In one of the toughest enforcement actions in its history, a deeply divided Federal Communications Commission voted in January to strip RKO General Inc. of licenses to run television stations in three of the nation's five largest markets -- New York, Boston and Los Angeles.
The FCC said at the time that the involvement of RKO's parents company, General Tire & Rubber Co., in overseas bribery schemes and the close ties between the two firms made the company an unfit licensee.
Now, while the FCC's 4-3 decison itself is headed for review in the U.S. Court of Appeals, the commission is trying to figure out what to do with the company's other 13 broadcasting outlets, and the controversy over the outcome of the matter could show whether the commission is committed to the tough standards is set for itself in the RKO decision.
The question involves outlets, worth tens of millions of dollars, including a television station in Memphis and major radio stations in New York, Boston, Los Angeles, San Francisco and WGMS-AM and FM in Washington. The stakes are clearly enormous.
RKO wants to create a new, publicly held company for its 13 other stations. The stock of the new company would be distributed to the 45,000 shareholders of General Tire, including the tire firm's directors and other controlling interests. The management then would divest itself of the stock, which would be placed in a trust until the divestiture is complete.
The new firm, according to RKO, would be entirely separate from the existing company, and past or present members of either the RKO or General Tire boards would be excluded from the new company's management, RKO says the separate company "will be entirely separate from, and have no connection or overlap with, the directors or management of General Tire" or its subsidiaries.
Predictably, the National Association of Broadcasters, the leading industry trade group, supports the RKOproposal. It argues that, if the decision to strip the company of its three major television stations is upheld on appeal, "no present or future broadcaster will have the slightest temptation to engage in the broadcast misconduct of which RKO will have been found guilty, just because RKO would be permitted to divest itself of the 13 remaining stations."
But the proposal has raised concerns on several fronts. The FCC's Broadcast Bureau, noting that the spin-off proposal "presents a possible alternative" to continuing operation of the stations by current RKO management, recommended in comments filed this week on the matter that the commission hold hearings on the plan.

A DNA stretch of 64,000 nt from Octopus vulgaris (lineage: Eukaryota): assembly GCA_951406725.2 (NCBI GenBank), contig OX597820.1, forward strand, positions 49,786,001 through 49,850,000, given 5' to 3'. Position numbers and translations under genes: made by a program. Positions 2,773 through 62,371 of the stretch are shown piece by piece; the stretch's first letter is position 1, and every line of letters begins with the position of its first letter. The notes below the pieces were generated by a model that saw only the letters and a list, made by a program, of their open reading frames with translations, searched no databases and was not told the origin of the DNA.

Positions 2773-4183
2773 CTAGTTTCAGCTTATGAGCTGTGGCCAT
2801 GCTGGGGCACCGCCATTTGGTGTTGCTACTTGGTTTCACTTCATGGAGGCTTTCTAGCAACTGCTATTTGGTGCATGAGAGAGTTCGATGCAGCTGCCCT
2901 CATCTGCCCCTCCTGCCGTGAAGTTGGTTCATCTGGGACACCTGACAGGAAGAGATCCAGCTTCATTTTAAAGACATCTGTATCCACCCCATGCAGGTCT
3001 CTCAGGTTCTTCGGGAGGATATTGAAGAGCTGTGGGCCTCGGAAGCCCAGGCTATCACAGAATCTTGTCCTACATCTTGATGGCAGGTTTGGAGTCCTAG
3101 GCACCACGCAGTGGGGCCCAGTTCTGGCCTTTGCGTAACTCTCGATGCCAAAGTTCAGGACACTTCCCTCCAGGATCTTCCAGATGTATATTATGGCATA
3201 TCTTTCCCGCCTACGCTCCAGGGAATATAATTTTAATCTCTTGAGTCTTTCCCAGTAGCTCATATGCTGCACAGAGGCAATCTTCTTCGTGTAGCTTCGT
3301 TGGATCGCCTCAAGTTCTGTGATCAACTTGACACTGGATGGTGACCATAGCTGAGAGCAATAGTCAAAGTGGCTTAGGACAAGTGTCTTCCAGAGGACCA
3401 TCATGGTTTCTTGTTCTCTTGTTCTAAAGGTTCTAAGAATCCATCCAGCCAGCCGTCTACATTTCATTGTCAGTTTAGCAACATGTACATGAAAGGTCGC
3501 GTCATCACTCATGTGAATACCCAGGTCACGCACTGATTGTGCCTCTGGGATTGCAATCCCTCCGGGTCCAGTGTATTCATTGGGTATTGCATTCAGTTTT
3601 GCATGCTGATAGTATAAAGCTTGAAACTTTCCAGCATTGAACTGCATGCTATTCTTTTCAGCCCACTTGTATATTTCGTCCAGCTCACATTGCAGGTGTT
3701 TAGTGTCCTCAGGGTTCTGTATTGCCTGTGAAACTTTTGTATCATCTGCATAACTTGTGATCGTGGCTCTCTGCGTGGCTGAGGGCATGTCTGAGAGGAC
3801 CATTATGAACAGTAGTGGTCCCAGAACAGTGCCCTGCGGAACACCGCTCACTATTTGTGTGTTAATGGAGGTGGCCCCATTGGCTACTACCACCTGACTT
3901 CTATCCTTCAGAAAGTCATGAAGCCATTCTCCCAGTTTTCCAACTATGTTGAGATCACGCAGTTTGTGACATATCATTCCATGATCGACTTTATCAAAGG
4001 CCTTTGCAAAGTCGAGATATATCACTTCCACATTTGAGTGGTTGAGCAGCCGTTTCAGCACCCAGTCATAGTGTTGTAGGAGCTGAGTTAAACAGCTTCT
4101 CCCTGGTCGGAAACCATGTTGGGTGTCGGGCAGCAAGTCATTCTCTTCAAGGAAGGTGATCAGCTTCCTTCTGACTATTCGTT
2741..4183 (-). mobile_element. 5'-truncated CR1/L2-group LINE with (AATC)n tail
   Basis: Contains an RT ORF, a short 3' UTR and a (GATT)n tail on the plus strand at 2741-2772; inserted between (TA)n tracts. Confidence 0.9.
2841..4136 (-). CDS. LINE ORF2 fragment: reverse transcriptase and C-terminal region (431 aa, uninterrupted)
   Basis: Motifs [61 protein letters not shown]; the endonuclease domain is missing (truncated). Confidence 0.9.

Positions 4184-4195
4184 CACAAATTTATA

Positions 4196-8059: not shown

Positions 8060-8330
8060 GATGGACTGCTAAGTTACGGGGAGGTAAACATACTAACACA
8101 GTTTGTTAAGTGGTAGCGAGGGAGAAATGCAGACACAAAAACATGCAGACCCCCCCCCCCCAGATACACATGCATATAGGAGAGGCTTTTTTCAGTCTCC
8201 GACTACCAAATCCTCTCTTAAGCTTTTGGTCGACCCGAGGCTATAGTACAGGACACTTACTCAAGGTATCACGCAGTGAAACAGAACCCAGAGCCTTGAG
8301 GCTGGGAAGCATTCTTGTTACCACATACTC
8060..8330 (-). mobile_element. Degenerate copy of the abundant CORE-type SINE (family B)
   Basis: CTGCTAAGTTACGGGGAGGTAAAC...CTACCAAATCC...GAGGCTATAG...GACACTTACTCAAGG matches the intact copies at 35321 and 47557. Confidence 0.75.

The commission must assure itself that all ties with present and former officers of RKO and General Tire are severed," bureau officials wrote. "This should be accomplished by requiring all persons in this category to divest themselves of all stock in the new corporation within six months of the spin-off."
The bureau concluded that the commission, if its RKO decision is to hold any weight, should not grant renewals of any of the 13 stations.
Nevertheless, a coalition of six citizens groups, including the National Citizens Committee for Broadcasting and the Black Citizens for Fair Media, has labeled the RKO spin-off plan as a "sham."
Pointing out that the controlling shareholders of General Tire and RKO still would be permitted to profit from their large holdings of the new firm's stock, the groups told the FCC that the proposal is inadequate.
"They would still realize a profit from those shares, either through dividends paid by the new corporation or sale of the stock," the group said. They went on to suggest that such a scheme would violate the Communications Act and said the RKO proposal "must be rejected out of hand."
Instead, NCCB and the other citizen groups have proposed that the FCC issue a notice seeking new applicants.
On the other hand, four members of Congress, including two who represent the Ohio home base of General Tire -- Reps. Ralph Regula, (r-Ohio), Carroll Hubbard (D-Ky.), John Seiberling (D-Ohio) and Joseph Addabbo (D-N.Y.)-have asked the commission to approve the RKO proposal, arguing that other alternatives would result in long FCC proceedings and would wind up harming the company's stockholders.